The mother of Kiwi triplets killed in a mall fire in Qatar is set to share her story at a series of workshops across the country in a bid to help other families navigate the tragic deaths of their young ones.
In May 2012 triplets Lillie, Willsher and Jackson died when a fire broke out at the Villaggio shopping mall in Doha.
Their parents Jane and Martin have battled for answers - and justice - ever since.
Jane is now going to share her experience, including some of the darkest moments that she rarely speaks about or lets herself think about, in the hope it will prevent other parents going through the same level of devastation.
She has teamed up with Vicki Culling, who runs a business offering training for health and care professionals around perinatal and infant loss, for a series of workshops called Tragedy, trauma and grief: how can I help?
"It's a hard thing helping people go through something tough," Weekes said.
"If there's anything that I can do to make a difference, that's really important to me."
Six years on from the triplets' death Weekes still struggles with the loss.
But she has learned to cope.
The birth of her twins Poppy and Parker in 2013 and baby Gunner in late 2017 has helped to ease her pain.
While Weekes has her hands full with the trio, she's determined to use her experience and education to enable other families to navigate loss.
"I think there will be parts of it which I haven't talked about a lot which will be difficult to share and I'm really mindful of not retraumatising myself," she said.
"I'll be going through talking about waiting to find out news, having to tell people what happened, being at the hospital, being at the mortuary - they tend to be the things I don't, even in six years, spend a lot of time thinking about because it's awful.
"But people need to know - and people who come into contact with grieving parents are so important. They've got one chance to get it right.
"Some things done for us were incredibly helpful but other things were incredibly unhelpful."
Culling's first daughter was stillborn in 1998 and since then she has worked to specialise in supporting bereaved families and caregivers dealing with similar losses.
She has been heavily involved with Sands - a voluntary, parent-run, non-profit organisation set up to support parents and families who have experienced the death of a baby - and met Weekes at the 2015 national conference.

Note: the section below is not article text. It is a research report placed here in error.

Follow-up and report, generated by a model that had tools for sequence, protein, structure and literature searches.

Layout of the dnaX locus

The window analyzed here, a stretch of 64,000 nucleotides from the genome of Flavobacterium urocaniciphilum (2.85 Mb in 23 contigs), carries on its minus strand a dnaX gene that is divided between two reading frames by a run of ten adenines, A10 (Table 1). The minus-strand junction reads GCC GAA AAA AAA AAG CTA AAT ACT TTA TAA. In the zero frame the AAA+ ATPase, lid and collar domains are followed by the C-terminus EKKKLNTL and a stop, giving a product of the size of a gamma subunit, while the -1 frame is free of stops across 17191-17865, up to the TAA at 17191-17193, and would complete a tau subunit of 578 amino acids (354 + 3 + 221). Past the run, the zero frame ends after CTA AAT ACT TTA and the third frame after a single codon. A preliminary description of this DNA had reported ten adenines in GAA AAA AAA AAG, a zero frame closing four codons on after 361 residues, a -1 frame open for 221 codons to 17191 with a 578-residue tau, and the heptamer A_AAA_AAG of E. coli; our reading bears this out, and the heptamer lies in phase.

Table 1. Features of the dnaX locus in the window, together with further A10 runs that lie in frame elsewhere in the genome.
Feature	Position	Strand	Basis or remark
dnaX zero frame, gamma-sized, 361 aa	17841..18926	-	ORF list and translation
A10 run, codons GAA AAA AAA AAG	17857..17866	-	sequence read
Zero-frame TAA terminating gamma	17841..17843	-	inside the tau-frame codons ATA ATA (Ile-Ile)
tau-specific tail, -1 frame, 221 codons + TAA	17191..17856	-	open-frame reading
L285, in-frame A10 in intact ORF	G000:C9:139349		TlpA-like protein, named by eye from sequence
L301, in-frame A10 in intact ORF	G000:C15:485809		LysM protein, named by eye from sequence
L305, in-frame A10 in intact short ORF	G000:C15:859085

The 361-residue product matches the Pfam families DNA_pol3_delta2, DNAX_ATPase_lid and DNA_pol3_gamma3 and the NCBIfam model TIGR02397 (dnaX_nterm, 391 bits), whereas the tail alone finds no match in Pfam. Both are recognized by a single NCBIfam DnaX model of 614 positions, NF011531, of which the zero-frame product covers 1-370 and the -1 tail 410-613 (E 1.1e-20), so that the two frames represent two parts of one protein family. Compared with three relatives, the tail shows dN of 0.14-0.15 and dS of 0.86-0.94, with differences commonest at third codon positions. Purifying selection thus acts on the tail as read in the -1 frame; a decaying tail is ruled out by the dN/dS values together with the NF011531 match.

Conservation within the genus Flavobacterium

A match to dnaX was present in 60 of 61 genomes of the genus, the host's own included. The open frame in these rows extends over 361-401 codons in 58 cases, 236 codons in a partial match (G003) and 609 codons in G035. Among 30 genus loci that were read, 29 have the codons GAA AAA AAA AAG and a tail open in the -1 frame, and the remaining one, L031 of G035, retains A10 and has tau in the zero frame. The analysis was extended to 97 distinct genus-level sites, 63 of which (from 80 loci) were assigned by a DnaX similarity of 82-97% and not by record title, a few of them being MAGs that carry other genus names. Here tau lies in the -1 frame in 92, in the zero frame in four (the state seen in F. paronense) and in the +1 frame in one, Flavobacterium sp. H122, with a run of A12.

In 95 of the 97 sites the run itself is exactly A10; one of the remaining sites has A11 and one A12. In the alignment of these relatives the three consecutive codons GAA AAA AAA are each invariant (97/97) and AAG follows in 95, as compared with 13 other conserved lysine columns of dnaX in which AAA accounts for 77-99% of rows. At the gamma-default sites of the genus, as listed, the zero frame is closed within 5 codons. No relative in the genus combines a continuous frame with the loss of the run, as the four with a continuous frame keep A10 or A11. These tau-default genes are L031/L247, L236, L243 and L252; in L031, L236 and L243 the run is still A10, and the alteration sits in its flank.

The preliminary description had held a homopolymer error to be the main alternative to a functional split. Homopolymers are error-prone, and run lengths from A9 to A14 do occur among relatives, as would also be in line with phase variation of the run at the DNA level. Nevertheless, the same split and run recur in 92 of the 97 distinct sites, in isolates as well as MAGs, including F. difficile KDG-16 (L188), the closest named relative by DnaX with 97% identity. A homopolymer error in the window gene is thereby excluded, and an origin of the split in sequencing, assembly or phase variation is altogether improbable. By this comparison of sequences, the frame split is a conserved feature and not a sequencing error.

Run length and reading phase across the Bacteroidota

"I had thought I would like to do some work with her and she was thinking the same thing," Culling explained.
"Jane's experience of tragedy, trauma and grief is multi-layered - multiple loss, dealing with loss in a foreign environment, grieving under the spotlight of international and national media, dealing with social media, experiencing the deaths of all of her children in one incident, as well as grief, the universal response to the loss of those whom we love.
"I knew Jane had gone on to graduate with her counselling degree and was working with families, so it felt like a natural fit to work together on how we might share the knowledge we have in this area."
Culling said her speaker series - an annual line up of workshops - was about sharing knowledge on grief and loss, providing the opportunity to talk about trauma and grief, looking at how best to provide support, and ultimately making a difference to the experience of bereaved parents and families in our community.
"I think Jane's experience, her subsequent studies and her willingness to share her knowledge will be helpful to those front line workers and as a result, to those who are grieving," she said.
"In this workshop we'll be talking about offering hope to families for whom life feels very hopeless, and navigating life with the 'new normal' that our tragedy has presented us.
"Jane can talk about this both from a personal perspective and a theoretical one; this is a unique position and one that I think professionals will find valuable and inspiring."
The half-day workshops will be held in Auckland, Wellington, Christchurch and Dunedin.
While they are aimed mainly at people working with bereaved families, parents and other relatives could also benefit.
"In my many years of supporting bereaved parents and running support groups, I've heard stories of how different professionals - obstetricians, midwives, counsellors, social workers, funeral directors - didn't seem to know what to do or say to a family following the loss of a baby or child," Culling said.
"Parents would also comment on how people 'just didn't get it'.
"That's why I started my business which provides training and education on perinatal and infant loss, grief and bereavement support to health and caring professionals. The Speaker Series is one of the ways I do this.
"The workshops are aimed at anyone who comes into contact with bereaved parents, families and whanau in a helping or supporting capacity."
Weekes said speaking publicly was nerve-wracking, but she was willing to help where she could.
"The fact I'm able to stand here six years after (the triplets died) and it's still painful but I still have a great life, that helps to give people hope," she said.
"It's nice to be able to talk with people who will be helping other people, it's an opportunity to reach more people."
Weekes said her biggest piece of advice to parent who had suffered loss - recently or otherwise - was simple.
"As hard as it is and as raw and painful as it is when something first happens - it won't always stay that way," she said.
"It will take time, there is no structure or timeline or rule book for things to feel better, but they will."